The Trudeau government has committed to significant new funding in areas of provincial jurisdiction, but provincial policymakers would do well to understand the risks of entering into such agreements. Ottawa can unilaterally reduce or eliminate funding at any point, leaving provinces to either assume the unexpected financial burden through higher taxes or additional borrowing, or curtail the programs.

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Just in time for Canada Day weekend! Crescent Falls ready to be enjoyed again

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The new staircase structure and viewing platform are among many upgrades that visitors can look forward to at the reopening Crescent Falls Provincial Recreation Area. (Credit: Alberta Parks).

The popular Crescent Falls Provincial Recreation Area reopens following a significant capital investment to improve visitor safety and experiences.

Crescent Falls Provincial Recreation Area is ready to welcome visitors back to enjoy one of the most remarkable, accessible waterfall viewing opportunities in Alberta. The upgrades at Crescent Falls will help improve the park’s visitor experience. Guests can expect expanded parking, improved access roads, trails and day use areas, new and improved viewing areas to take in the falls and upgraded safety measures, including signage and wayfinding.

The Provincial Recreation Area (PRA) is reopening over the July long weekend after being closed since 2023. Visitors will notice increased public safety upgrades through additions such as new parking lots, a new stair structure to access the lower falls, new pedestrian trails, a new vehicle bridge to access the camping area and a viewing platform to enjoy the Crescent Falls.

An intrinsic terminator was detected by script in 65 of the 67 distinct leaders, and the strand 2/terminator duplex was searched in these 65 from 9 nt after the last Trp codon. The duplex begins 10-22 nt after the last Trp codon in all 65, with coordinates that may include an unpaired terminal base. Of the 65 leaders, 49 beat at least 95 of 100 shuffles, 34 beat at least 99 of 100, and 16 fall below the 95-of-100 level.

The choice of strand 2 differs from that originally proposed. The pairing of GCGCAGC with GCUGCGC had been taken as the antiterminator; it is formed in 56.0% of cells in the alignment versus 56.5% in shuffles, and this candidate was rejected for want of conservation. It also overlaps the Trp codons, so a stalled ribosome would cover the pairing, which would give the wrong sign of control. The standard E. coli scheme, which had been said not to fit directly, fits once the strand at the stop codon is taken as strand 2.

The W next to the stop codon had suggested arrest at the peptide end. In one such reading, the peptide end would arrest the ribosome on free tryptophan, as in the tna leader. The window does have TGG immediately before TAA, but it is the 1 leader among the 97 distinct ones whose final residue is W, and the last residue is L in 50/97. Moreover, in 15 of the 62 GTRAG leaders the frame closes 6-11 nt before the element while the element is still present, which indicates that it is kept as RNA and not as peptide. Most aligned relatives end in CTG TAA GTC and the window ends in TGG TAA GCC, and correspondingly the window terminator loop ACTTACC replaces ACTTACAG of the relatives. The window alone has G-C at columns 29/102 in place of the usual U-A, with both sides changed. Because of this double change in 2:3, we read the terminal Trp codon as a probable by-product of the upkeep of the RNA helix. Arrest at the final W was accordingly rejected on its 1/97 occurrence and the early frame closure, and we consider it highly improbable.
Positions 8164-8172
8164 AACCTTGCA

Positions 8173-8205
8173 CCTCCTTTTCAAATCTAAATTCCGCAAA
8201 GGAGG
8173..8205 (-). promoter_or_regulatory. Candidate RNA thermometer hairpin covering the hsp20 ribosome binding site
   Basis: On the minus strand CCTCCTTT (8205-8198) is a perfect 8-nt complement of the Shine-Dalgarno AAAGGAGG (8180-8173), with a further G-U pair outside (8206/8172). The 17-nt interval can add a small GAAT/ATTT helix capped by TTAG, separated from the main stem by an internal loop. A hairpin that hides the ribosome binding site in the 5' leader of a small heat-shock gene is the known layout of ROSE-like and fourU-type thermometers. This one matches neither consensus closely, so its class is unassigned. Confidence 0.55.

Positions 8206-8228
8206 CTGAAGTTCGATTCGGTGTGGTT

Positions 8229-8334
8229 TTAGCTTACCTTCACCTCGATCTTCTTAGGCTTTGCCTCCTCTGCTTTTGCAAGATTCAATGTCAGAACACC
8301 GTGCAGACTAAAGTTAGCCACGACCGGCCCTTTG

“We are thrilled to welcome visitors back to Crescent Falls Provincial Recreation Area in time for the Canada Day long weekend. These additions will help visitors to safely access and enjoy the area’s natural beauty. Parks are for people and Alberta’s government will continue to invest in high-quality outdoor recreation opportunities.”

Todd Loewen, Minister of Forestry and Parks

“Today marks a significant milestone for our community as we reopen the Crescent Falls Provincial Recreation Area following extensive upgrades. Our province is well known for its incredible natural beauty, and these improvements will make our backcountry more accessible and ensure that Albertans and those visiting our great province can continue to explore our stunning landscapes for years to come.”